Not all trimmers have a fuel return line.
Oneof these days you may come across a primer bulb that has a crack in
it and then you'll know what i am talking about. They usually crack on
the tip of the bulb, therefore, when you put your finger on it to
push, you are basically sealing the crack. When you let off, it will
suck air in, not gas. Usualy they don't leak either.
There shouldn't be any air in the lines. The fuel filter helps keep
the line deep in the tank. If it comes off, you may suck air.
The fuel from the primer bulb goes in the intake side of the
crankcase. Fuel has to go thru crankcase first, before it reaches the
plug on 2 strokes ( which I assume it is). He would have to push the
primer bulb and the pull the starter rope for fuel to show up on the
I'd say, if under warranty and bought at big box store, take it back and
get a new one. Getting repaired under warranty in my experience can be
a PITA and the big stores will normally trade back with no question.
If it's still under the return policy, just return it. Otherwise
maybe flooded??? I recall in the old days, to pull the plug and just
pull the cord multiple times to unflood it. Check the plug to make
sure it's still clean ... not full of oil at gapped end. Then put it
back, prime as normal and try to start again. I know mine (different
brand) is probably made by a female because it's tempermental at
times. Other times, it starts fine.
On Friday, June 1, 2012 11:26:25 AM UTC-4, Jim Yanik wrote:
On a NEW unit, not likely. I suppose a "new" unit could be several months to over a year old, but usually new is new, a couple months at most. It takes more than a couple months for the ethanol gas to adversely effect rubber parts.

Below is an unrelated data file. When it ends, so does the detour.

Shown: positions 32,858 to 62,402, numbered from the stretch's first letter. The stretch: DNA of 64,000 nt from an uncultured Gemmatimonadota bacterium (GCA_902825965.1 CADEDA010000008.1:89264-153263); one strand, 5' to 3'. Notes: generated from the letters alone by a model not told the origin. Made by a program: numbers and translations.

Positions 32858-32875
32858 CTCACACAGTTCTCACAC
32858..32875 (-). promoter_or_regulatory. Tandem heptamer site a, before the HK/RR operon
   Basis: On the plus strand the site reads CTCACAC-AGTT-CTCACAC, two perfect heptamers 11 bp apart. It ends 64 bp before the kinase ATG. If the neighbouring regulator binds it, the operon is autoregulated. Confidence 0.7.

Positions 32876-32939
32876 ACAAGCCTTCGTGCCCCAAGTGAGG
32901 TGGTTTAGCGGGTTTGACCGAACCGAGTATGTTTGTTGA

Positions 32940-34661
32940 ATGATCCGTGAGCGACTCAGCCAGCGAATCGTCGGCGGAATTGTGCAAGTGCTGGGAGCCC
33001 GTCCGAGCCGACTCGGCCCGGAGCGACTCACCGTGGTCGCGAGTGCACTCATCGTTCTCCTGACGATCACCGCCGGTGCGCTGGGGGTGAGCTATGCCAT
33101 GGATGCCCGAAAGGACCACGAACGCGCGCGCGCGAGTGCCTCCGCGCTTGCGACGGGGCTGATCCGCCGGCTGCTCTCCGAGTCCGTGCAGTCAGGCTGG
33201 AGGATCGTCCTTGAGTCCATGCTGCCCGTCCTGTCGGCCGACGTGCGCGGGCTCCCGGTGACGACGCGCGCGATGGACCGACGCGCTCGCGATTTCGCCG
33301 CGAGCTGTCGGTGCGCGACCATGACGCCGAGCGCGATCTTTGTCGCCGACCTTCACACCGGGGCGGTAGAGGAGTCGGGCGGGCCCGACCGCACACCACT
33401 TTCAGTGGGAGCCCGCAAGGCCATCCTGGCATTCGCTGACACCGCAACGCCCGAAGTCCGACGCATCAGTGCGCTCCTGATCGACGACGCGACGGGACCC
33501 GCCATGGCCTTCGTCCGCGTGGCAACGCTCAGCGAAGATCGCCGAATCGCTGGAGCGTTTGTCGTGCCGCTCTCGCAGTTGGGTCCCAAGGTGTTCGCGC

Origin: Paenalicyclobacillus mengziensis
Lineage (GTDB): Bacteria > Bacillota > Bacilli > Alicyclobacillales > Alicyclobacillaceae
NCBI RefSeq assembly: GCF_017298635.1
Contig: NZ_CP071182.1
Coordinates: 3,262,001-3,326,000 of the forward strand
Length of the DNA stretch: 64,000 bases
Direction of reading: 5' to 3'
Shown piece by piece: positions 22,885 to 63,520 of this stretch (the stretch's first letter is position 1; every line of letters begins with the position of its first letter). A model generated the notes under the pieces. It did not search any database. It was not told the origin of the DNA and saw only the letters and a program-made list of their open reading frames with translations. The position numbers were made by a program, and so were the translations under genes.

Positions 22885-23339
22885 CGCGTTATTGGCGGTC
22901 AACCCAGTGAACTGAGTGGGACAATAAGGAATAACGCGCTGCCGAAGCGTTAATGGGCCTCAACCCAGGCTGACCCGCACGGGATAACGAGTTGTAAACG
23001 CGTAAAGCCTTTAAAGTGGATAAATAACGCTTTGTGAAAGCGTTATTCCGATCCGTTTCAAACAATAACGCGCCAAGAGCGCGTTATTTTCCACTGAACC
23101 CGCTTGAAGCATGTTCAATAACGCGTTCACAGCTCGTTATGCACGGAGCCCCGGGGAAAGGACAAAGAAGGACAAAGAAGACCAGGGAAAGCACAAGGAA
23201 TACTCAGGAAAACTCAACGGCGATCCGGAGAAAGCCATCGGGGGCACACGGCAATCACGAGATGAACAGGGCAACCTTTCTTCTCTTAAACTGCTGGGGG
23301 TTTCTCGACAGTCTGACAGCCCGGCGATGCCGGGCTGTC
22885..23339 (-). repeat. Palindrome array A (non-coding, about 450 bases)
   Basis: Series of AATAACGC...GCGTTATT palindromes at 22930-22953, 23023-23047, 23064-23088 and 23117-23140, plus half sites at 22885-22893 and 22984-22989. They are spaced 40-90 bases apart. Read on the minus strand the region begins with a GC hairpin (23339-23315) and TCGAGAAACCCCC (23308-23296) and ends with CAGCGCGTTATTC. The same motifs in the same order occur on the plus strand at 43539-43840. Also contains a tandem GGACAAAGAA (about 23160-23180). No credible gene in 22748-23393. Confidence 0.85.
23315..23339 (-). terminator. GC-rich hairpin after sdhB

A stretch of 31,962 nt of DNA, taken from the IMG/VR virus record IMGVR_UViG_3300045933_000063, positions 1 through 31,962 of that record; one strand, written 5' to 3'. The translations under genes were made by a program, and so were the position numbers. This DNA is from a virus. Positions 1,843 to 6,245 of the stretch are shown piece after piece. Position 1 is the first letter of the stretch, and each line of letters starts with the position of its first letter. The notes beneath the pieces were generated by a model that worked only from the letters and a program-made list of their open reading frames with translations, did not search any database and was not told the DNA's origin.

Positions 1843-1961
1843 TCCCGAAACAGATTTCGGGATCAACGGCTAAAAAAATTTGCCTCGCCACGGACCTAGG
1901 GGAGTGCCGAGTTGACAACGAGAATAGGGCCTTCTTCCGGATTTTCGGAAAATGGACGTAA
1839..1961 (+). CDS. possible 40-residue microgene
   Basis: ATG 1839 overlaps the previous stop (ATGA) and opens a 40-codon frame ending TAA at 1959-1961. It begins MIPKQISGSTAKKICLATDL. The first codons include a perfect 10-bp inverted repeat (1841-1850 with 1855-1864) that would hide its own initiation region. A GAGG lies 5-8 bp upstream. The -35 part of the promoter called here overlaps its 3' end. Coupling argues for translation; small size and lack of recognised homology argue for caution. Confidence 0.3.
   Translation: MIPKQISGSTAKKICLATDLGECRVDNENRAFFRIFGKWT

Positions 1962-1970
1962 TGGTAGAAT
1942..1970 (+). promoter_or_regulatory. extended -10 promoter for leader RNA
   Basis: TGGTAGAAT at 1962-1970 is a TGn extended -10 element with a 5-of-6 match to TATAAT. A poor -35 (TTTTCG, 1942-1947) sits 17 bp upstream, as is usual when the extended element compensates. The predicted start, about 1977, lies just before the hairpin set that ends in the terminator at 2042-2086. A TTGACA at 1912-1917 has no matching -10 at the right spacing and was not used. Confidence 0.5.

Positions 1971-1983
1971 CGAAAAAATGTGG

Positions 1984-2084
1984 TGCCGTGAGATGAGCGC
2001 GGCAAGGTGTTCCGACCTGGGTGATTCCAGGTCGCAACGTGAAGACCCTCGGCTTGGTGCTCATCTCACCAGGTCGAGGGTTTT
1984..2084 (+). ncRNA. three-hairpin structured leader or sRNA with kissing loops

Maybe some piece of crap left over from the manufacturing/assembly process got wedged in somewhere, but you would need to know something about these units to tear it down and find the obstruction.
It would also require that the trimmer is past the box store's return policy, and the OP has no other option than to fix it himself or send it back to China for warranty repair.
I can say I haven't had a single issue I could attribute to ethanol in the gas, myself. I leave my string trimmer sit full of gas over the winter and it starts on the second pull every time every spring. I have a 35-year-old chainsaw that I leave mix sit in for months at a time. Always runs.
Ours stopped after a few uses also. After much messing about, I found
that the screws that held the priming bulb to the carb had worked
loose and tightening them fixed the problem... Never had another
problem until the priming bulb and fuel line disintegrated (from being
left in the sun).
Read all the advice. I had a similar "don't want to start problem (Ryko).
Called customer service--got an experienced tech. Where the instructions
said "prime the bulb 7 times" he said do it as many as 14 times. If it
don't start then put it in the Run position, hold down the trigger and pull.
That does it every time. One other thing--the way I hold the unit while
trying to start also has a bearing--the inlet line in the tank can be out of
the fuel at times--I make sure that it is submerged when starting. Just a
thought--is it possible that the line in the fuel tank is